As the subject says, I’m working on a new plot structure.
But, Kami, why develop a new one when there are tried and true methods out there already?
Because one size doesn’t fit all. Some stories will suffer if you try to fit them into a standard that isn’t meant for them.
To make it clear, I think everyone should still study the classics, the Three Act Structure, The Hero’s Journey, Save the Cat and similar. Study them and see why they work before you decide to reinvent the wheel.
Why I need you.
For brainstorming, feedback and maybe even for being guinea pigs if you wish.
Is this 100% original structure?
Glad you asked. No, it isn’t. It’s heavily based on Fichtean Curve, or rather of my interpretation of it. I haven’t come up with a name for it yet so I’m just calling it my Fichtean Curve.
If you Google Fichtean Curve, you’ll get a bunch of articles that talk about it but don’t put it into use. I’m seeing a pattern of every blogger copying the same description of this method which is rather misleading. If you check the original text where the curve was introduced, it’s a lot more interesting than that. So no, I don’t recommend for you to Google it.
What type of story would do well when fit into the Fichtean Curve?
- Internally-driven stories. You can still write an action-filled story with it but if the main point of the story is a change that happens within the character, my Fichtean Curve will work wonders for it.
- Stories that start on the inciting incident. This is where Fichtean Curve solves the problem that other plot structures introduce. You can still use it if it doesn’t start like that but it might not be as useful.
Let’s get to it.
I’m still working on trying to figure out the flow of this process and I’d love it if you joined me and provided your feedback.
Bonus points if you try to analyze your story by using my Fichtean Curve.
STEP 1: What is the inciting incident?
This the event that kicks off the story. Something disturbs the status quo.
STEP 2: What problem does the inciting incident introduce?
It could be a problem or an opportunity.
It creates a Goal for your character.
STEP 3: What is the solution to this problem?
The answer to this question will be a crucial part of your story’s climax - it will be either the highest point of the climax or a point right before it. More about that later.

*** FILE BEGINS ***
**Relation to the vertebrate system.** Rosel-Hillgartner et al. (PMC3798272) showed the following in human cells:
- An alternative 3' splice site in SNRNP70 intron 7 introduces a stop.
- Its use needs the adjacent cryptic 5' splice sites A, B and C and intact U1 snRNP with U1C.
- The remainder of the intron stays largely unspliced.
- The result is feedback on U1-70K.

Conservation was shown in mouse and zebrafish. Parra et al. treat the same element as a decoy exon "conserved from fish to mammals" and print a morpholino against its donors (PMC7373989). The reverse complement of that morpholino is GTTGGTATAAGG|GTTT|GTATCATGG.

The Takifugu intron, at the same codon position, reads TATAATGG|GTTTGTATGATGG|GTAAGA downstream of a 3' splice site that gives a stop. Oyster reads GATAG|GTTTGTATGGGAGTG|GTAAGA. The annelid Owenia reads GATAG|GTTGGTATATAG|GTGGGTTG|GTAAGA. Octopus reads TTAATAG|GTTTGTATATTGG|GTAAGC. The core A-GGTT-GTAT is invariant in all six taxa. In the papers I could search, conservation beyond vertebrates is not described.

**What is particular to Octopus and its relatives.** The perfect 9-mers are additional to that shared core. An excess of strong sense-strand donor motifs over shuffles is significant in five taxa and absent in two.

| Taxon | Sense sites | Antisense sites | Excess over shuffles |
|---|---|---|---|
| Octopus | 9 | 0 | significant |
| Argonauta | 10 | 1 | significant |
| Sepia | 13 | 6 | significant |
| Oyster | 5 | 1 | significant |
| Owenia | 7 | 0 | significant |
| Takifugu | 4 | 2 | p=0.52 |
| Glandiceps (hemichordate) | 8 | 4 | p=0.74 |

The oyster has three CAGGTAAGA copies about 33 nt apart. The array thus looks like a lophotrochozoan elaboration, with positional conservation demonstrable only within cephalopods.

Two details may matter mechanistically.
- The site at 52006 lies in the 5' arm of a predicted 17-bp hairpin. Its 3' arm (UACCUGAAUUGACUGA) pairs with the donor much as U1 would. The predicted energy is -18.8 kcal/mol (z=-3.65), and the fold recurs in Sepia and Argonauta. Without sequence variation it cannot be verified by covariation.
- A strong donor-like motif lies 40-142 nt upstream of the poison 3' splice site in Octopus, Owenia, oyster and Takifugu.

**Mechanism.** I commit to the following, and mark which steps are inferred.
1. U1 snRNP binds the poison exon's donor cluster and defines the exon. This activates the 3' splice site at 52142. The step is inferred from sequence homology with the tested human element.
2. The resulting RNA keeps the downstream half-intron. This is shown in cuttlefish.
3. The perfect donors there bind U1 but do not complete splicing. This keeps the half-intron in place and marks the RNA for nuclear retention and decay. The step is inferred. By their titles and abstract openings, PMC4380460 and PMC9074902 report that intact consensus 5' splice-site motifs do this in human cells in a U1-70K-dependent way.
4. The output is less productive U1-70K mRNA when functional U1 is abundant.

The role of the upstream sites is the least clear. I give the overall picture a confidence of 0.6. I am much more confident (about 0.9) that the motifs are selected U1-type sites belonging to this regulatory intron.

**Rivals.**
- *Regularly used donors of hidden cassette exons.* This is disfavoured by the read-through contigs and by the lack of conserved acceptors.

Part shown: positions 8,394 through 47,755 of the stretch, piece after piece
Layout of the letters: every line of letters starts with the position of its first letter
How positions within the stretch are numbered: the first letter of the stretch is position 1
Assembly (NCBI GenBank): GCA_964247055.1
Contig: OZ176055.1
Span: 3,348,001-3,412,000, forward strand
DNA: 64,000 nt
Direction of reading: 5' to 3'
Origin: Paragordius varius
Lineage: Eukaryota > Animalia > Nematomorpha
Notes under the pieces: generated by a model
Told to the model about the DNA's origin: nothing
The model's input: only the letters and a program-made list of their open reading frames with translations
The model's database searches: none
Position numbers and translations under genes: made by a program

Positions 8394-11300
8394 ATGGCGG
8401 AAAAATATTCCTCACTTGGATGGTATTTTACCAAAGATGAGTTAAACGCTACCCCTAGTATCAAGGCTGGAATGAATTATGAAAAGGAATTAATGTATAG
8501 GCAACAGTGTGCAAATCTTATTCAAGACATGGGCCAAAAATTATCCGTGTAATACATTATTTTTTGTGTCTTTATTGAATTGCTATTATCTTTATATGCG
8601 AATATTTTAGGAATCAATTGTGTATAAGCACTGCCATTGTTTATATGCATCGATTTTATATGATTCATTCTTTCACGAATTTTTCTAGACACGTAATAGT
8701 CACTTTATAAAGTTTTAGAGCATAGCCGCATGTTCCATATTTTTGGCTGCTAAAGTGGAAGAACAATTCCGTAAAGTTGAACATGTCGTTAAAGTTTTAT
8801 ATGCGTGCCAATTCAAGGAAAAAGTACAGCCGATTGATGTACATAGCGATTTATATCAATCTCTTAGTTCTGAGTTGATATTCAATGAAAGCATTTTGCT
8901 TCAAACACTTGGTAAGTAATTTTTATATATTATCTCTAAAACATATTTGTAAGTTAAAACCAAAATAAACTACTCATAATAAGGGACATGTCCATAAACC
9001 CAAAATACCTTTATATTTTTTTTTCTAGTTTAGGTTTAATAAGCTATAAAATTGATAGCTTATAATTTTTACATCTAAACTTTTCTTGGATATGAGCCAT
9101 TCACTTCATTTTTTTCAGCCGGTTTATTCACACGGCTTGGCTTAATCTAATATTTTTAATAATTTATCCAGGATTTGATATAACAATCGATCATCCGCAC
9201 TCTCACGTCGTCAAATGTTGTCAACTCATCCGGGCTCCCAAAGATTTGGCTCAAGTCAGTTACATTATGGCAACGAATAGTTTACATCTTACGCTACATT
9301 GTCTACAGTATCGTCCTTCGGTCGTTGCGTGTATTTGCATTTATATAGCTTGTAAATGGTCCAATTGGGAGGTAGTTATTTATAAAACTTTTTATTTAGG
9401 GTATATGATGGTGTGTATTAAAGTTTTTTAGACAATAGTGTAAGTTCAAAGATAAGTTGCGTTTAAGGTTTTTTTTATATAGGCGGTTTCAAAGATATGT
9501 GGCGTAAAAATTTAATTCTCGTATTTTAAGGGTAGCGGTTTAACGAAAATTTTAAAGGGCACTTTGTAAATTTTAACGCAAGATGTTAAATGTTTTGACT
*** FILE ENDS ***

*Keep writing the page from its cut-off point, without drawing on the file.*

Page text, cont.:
STEP 4: Imagine Path A.
This is the ideal scenario. In a perfect world, your protagonist would get easily from the Problem introduced by the Inciting incident to the Solution you listed in Step 2.
It’s ultimately the path your character didn’t/couldn’t take and it forms the straight bottom line of the Fichtean Curve.
STEP 5: List all reasons that will keep your character from getting onto Path A.
- Villains and all forms of antagonistic forces.
- Internal conflict. Your character wants something but fears consequences of pursuing it.
- Secrets. Information your character doesn’t know. Knowledge that could help them if only someone told them.
- Character flaws.
- Physical obstacles.
List anything and everything that can get in the way of your character while they’re pursuing their goal.
These will fuel the Crisis points of your Curve. This will also become your go-to list as you write your story.
STEP 6: List what will help your character get to their goal.
- Helpful side characters.
- Positive character traits and strengths.
- Resources they’ll find on their journey.
Now that we have compiled these lists, think of your story as the tug-of-war between the Crises and moments of calm. Your character will have wins and losses, moments of stress and moments of peace.
Remember Path A, the ideal path, the straight line? The ups and downs of your character’s journey is what creates PATH B - the curve. This is the actual story you’re writing.
STEP 7: What’s the point?
This is an extra point that you might not be able to answer until you’ve written your story further or even until you’ve finished it.
You’ll notice that Path B, however hard and painful it was, was actually better for your character. They’ve learned something very important, changed for the better, made friends/lovers or maybe saw through the mask of those around them.
Path B is the more interesting story. If your character took Path A, they would have missed out, or even made catastrophically wrong choices.
So for Step 7, I’d like you to make an argument why it’s better that your character took Path B.
The answer to this question tells you what your story is really about. It’s the ultimate big-picture theme. It’s the point of the story and the message you’re conveying to your readers.
In the subsequent replies I’m going to post a proposed plot outline that uses my Fichtean Curve and how I’d use it on an example, but while I’m finalizing that, I’d love to hear what you think about this approach so far.